Remembering conservationist and canoe-maker Ralph Frese
BY DALE BOWMAN firstname.lastname@example.org December 11, 2012 7:20PM
Ralph Frese, the legendary canoe-maker and conservationist, left quite a legacy when he died Monday at 86. | Dale Bowman~For Sun-Times Media
Updated: January 13, 2013 11:10AM
The ‘‘Sons of the Shop’’
gathered Monday at Chicagoland Canoe Base, remembering and working toward the future, only hours after Ralph Frese died that morning.
That’s what men do. Take care of things. Do. Move. Build.
Mr. Frese, 86, known around the world as ‘‘Mr. Canoe,’’ taught his protégés well.
The men were liquidating the canoe shop on North Narragansett on the Northwest Side for the family and preparing to move some canoe basics to a warehouse in Maywood.
The legacy of Mr. Frese will live on in more than memory. It’s quite the legacy.
Mr. Frese was inducted into the Illinois Outdoor Hall of Fame in 2006. The North Branch of the Chicago River was renamed the Ralph Frese River Trail.
But his fame extended well beyond Chicago outdoors. He received a Legends of Paddling award from the American Canoe Association. Bill Derrah told the story of meeting a guy in Mississippi who built 40-foot canoes for the Mississippi River, a skill learned from Mr. Frese.
Mr. Frese seemed like a mountain — and equally indestructible — even with cancer.
‘‘We have known for a couple of years that Ralph has been ill,’’ Paul Ahlrich said. ‘‘But to us, he was made of granite. Three weeks ago, he was working on canoes. And we were still a little afraid of him.’’
The legal nuances of how the legacy will continue are being worked out. It might be called ‘‘Sons of the Shop’’ or something as formal as the Chicagoland Canoe Base Foundation. The idea is to continue with men mentoring younger men, both in life and the natural world.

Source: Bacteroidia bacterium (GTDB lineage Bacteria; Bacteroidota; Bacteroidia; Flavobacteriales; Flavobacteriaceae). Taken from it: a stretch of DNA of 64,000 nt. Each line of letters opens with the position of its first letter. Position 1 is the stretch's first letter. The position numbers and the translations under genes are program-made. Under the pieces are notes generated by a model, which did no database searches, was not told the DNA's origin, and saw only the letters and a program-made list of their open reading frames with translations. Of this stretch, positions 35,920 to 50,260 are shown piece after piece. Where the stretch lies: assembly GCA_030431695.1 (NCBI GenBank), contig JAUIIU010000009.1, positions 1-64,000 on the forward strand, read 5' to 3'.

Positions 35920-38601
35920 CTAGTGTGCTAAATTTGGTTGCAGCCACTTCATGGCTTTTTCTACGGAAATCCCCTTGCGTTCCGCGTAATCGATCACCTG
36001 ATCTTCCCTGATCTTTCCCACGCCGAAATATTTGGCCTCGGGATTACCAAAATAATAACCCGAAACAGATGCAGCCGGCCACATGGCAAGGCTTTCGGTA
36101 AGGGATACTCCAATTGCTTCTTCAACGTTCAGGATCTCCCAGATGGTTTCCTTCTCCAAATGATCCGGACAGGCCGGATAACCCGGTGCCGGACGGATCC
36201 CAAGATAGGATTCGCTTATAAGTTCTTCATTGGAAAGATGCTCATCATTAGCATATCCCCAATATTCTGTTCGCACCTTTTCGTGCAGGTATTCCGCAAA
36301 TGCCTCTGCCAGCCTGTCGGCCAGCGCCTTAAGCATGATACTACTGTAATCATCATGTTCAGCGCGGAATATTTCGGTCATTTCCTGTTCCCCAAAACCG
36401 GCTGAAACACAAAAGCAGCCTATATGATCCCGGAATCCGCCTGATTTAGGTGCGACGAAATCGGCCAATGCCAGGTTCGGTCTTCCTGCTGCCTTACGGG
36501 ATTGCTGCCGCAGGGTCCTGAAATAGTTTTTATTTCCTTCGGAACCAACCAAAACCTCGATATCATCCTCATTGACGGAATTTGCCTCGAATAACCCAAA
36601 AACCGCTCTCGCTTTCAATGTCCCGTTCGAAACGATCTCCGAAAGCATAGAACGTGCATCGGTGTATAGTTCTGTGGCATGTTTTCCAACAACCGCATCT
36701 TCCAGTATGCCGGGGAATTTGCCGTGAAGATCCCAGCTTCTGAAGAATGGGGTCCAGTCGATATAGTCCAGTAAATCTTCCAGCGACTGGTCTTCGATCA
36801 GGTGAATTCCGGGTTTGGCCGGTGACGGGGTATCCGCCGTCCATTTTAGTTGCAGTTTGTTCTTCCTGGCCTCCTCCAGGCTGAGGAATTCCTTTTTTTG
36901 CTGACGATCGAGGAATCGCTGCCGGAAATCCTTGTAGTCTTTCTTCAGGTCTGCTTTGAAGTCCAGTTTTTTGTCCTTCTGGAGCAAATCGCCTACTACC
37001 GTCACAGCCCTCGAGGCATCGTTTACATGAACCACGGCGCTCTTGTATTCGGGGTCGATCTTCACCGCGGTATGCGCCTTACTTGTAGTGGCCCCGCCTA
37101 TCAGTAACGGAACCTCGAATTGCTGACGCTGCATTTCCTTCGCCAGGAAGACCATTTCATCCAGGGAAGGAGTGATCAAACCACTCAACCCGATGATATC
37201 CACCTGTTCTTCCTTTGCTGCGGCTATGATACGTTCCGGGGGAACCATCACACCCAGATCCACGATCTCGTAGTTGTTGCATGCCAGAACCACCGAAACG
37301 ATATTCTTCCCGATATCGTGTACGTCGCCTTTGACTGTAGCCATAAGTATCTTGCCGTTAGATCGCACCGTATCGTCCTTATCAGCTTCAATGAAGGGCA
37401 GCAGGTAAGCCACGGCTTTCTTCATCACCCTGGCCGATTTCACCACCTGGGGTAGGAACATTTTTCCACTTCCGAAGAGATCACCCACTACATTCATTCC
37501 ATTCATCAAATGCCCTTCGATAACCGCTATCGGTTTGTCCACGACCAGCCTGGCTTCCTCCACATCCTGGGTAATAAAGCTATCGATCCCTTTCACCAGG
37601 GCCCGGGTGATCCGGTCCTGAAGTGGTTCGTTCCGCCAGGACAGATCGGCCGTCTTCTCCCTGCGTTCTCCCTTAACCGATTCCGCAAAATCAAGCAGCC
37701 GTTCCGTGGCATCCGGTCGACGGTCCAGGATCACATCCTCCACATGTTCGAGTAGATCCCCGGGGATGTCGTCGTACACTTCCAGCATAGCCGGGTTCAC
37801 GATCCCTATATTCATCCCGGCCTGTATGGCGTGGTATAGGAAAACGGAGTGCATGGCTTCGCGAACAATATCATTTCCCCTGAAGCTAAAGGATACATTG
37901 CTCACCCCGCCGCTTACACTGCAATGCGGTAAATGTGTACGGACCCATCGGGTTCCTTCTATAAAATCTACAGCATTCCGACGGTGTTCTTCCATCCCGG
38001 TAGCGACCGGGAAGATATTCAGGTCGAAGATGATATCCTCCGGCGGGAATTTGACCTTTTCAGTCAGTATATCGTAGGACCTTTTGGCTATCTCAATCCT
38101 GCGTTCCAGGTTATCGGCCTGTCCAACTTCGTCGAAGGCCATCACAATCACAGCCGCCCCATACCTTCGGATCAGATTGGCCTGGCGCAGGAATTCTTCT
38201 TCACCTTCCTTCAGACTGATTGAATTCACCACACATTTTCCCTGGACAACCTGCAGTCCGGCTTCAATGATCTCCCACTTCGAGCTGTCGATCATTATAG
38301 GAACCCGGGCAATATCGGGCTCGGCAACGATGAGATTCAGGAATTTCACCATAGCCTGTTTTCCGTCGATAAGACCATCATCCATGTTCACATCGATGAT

‘‘We are going to rebuild the fleet,’’ Ahlrich said. ‘‘Young men will learn about history, about nature. We are going to bust their chops.’’
Make no mistake: Mr. Frese wasn’t the cuddly sort. For years, I thought he hated me — until I realized it was just his gruff style.
‘‘I met him when I was 16, and he was my age,’’ Derrah said. ‘‘It is hard to put in words. I have known Ralph over the years. He was like a father, a grumpy father. You had to work to get to know him. If you were insulted, you left.’’
Derrah said they spent the last several years making sure Mr. Frese’s collection of molds, jigs and patterns for canoes would be preserved.
‘‘We want to keep his records and library,’’ Derrah said. ‘‘Just for good measure, we are going to move his blacksmith shop.’’
Even though none of them is a blacksmith.
‘‘I can help build canoes,’’ Rich Gross said. ‘‘We are going to keep going with it. It is a lot of fun to hang out with Ralph, and I want to keep it going.’’
‘‘He was character,’’ Derrah said. ‘‘That was a big part of it. He dragged me into the Cook County Clean Streams Committee. . . . He had a relationship with Jim Phillips, ‘The Fox.’ He would always say, ‘You met ‘‘The Fox.’’ ’ We met him but didn’t know his secret identity. We met Clark Kent but not Superman.’’
In terms of conservation around Chicago, Phillips had the storybook legend of Superman, but Mr. Frese might have been more truly super.
Frese was active with the Chicago Maritime Museum, an unfinished work in progress. It would be nice if one of his legacies would be a more formal museum.
His impact goes on.
Visitation is from 3 to 8 p.m. Thursday at Simkins Funeral Home, 6251 W. Dempster, Morton Grove.
Weather helped move geese and ducks into the area in the last few days, but it kept down harvest for Illinois’ muzzleloader-only deer season, which ended Sunday. Harvest was 3,535 deer, down from 4,878 in 2011.
NHL commissioner Gary Bettman is as antiquated and dangerous as a low-head dam.